Establishing Carve-Outs for Assembly Bill 5, the ‘Gig-Work’ Bill
The Santa Clarita Public Library will celebrate the end of its 2019 Summer Reading Program with a free event called the “Stellar Finale with Guest Performer: BubbleMania!” at the Old Town Newhall branch on Saturday, July 27, from 10:30 a.m. to 1 p.m.
July 27: Library to Wrap Summer Reading Program with ‘BubbleMania’
Matt Hearn picked up two hits to extend his hitting streak to 16 games, but the JetHawks lost, 9-1, to the Stockton Ports on Thursday night at Banner Island Ballpark.
Hearn Extends Streak in JetHawks Loss to Ports
Los Angeles County has agreed to its largest-ever largest payout -- $53 million -- to settle a 2010 class-action lawsuit over strip search practices of prisoners at the Sheriff’s Department’s Century Regional Detention Facility in Lynwood.
LA County OK’s $53M Settlement in Jail Strip Search Suit
The Los Angeles County Department of Public Health is investigating a confirmed case of measles in a county resident that is linked to four cases reported earlier this month.
Public Health Investigates Another Case of Measles
Speaking before the Los Angeles County Metropolitan Transportation Authority Planning and Programming Committee on July 17, Santa Clarita Mayor Marsha McLean advocated for the Antelope Valley Line Study to be presented to the full Metro Board.
McLean Urges Metro Board to Review Antelope Valley Line Study
A neighbor dispute over yard work ended with one man allegedly ramming his neighbor’s trailer with a tractor, resulting in his arrest on suspicion of making criminal threats and vandalism.
Valencia Man Accused of Ramming Tractor, Threatening Neighbor
A jury trial is slated to begin next month for L.A. rapper Blueface, who was arrested in connection with an alleged vehicle-to-vehicle shooting in Newhall last fall.
Jury Trial for Rapper Blueface Set for Aug. 16
The Greater Los Angeles County Vector Control District has confirmed a West Nile virus-positive mosquito sample collected from a trap in the city of Long Beach (90803 zip code), the first confirmation of the presence of the virus in mosquito populations within the county this year.
West Nile Virus Mosquito Sample Confirmed in LA County
Fifty years ago, on July 20, 1969, the world stopped to watch in awe as Apollo 11 astronauts walked on the moon. The semi-centennial has rekindled NASA’s interplanetary ambitions. Tapping into a vibrant U.S. space industry, it’s eyeing the moon as a stepping stone to Mars.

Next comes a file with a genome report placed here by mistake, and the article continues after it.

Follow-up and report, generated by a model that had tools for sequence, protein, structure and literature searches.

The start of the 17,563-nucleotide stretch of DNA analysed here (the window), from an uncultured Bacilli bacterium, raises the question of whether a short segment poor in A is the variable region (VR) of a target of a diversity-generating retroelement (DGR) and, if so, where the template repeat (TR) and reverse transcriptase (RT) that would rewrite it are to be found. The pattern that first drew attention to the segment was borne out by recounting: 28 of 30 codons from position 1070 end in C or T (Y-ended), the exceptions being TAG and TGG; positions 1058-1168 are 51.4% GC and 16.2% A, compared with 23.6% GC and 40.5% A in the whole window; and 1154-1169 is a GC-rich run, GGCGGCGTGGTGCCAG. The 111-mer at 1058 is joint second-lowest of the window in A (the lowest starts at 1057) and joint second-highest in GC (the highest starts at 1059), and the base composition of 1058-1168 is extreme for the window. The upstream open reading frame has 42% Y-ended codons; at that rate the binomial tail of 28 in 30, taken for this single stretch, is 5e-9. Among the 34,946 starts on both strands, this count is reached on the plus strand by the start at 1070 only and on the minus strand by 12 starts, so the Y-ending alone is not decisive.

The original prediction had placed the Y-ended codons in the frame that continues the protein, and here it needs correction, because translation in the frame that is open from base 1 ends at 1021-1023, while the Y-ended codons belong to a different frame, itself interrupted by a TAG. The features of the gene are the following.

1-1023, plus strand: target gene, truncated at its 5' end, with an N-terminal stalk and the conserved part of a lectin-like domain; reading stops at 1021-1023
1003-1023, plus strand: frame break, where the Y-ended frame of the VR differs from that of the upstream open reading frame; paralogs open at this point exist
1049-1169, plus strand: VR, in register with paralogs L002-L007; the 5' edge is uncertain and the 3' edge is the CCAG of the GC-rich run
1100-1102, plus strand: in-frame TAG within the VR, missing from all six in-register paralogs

50 Years After Moon Landing, NASA Eyes Trip to Mars
1915 - Ince, Griffith, Sennett form Triangle Film Corp.; it produces & distributes early William S. Hart films [story]
Triangle Films
Internationally acclaimed singer-songwriter Tony Galla is heavily influenced by the soulful sounds of artists like B.B. King and Ray Charles. Tony developed his own bluesy sound and unique passionate style quickly becoming the lead singer of the blues band, Raven.
Jazz & Blues Concert Series Continues Friday with Tony Galla & The Blues Shuffle Band
Mike’s Diner in Castaic was recently visited by everyone’s favorite yellow sponge who lives in a pineapple under the sea. Yes, that’s right. SpongeBob SquarePants came to Castaic in a recent special live-action episode.
Castaic Diner Featured in SpongeBob Special Live-Action Episode
STOCKTON – Ryan Vilade gave the JetHawks the lead with a home run in the fourth inning, but the Stockton Ports allowed only the one run and rallied to win, 5-1, on Wednesday night at Banner Island Ballpark.
JetHawks Drop Series Opener to Ports
As the retail industry continues to rapidly evolve, join Westfield Valencia Town Center Senior General Manager, Corrine Barchanowicz, as she provides insights into how a multi-national company like Unibail-Rodamco-Westfield is implementing changes at our local shopping center to elevate the retail shopping experience.
July 24: NextSCV Presentation, ‘Relevant Retail’
Arts for Santa Clarita is looking for artists – musicians, actors, writers, visual artists and more – to participate in the next Artquinoxen event scheduled for Saturday, Sept. 21, at Eureka Village, the home of SCV Adventure Play Foundation.
Artists Needed for ‘Artquinox’ Event in September
The Los Angeles County Community Development Foundation (LACDF) awarded $28,000 in Housing Authority Resident (HAR) Scholarships to 28 public housing and Section 8 participants attending a four-year university, community college, or vocational program.
County Awards $28K in Scholarships During 2019 Reality Check Conference
The Los Angeles County Board of Supervisors voted Tuesday to make a series of changes in traffic regulations that affect some areas in the Santa Clarita Valley.
New Traffic Regulations Slated for Stevenson Ranch, Castaic
Foster care and foster-adoption are meaningful ways for individuals and couples to fulfill their dream of parenting. There are approximately 64,000 children in foster care in California.
Aug. 17: Children’s Bureau Foster Care Monthly Information Meeting
%d bloggers like this: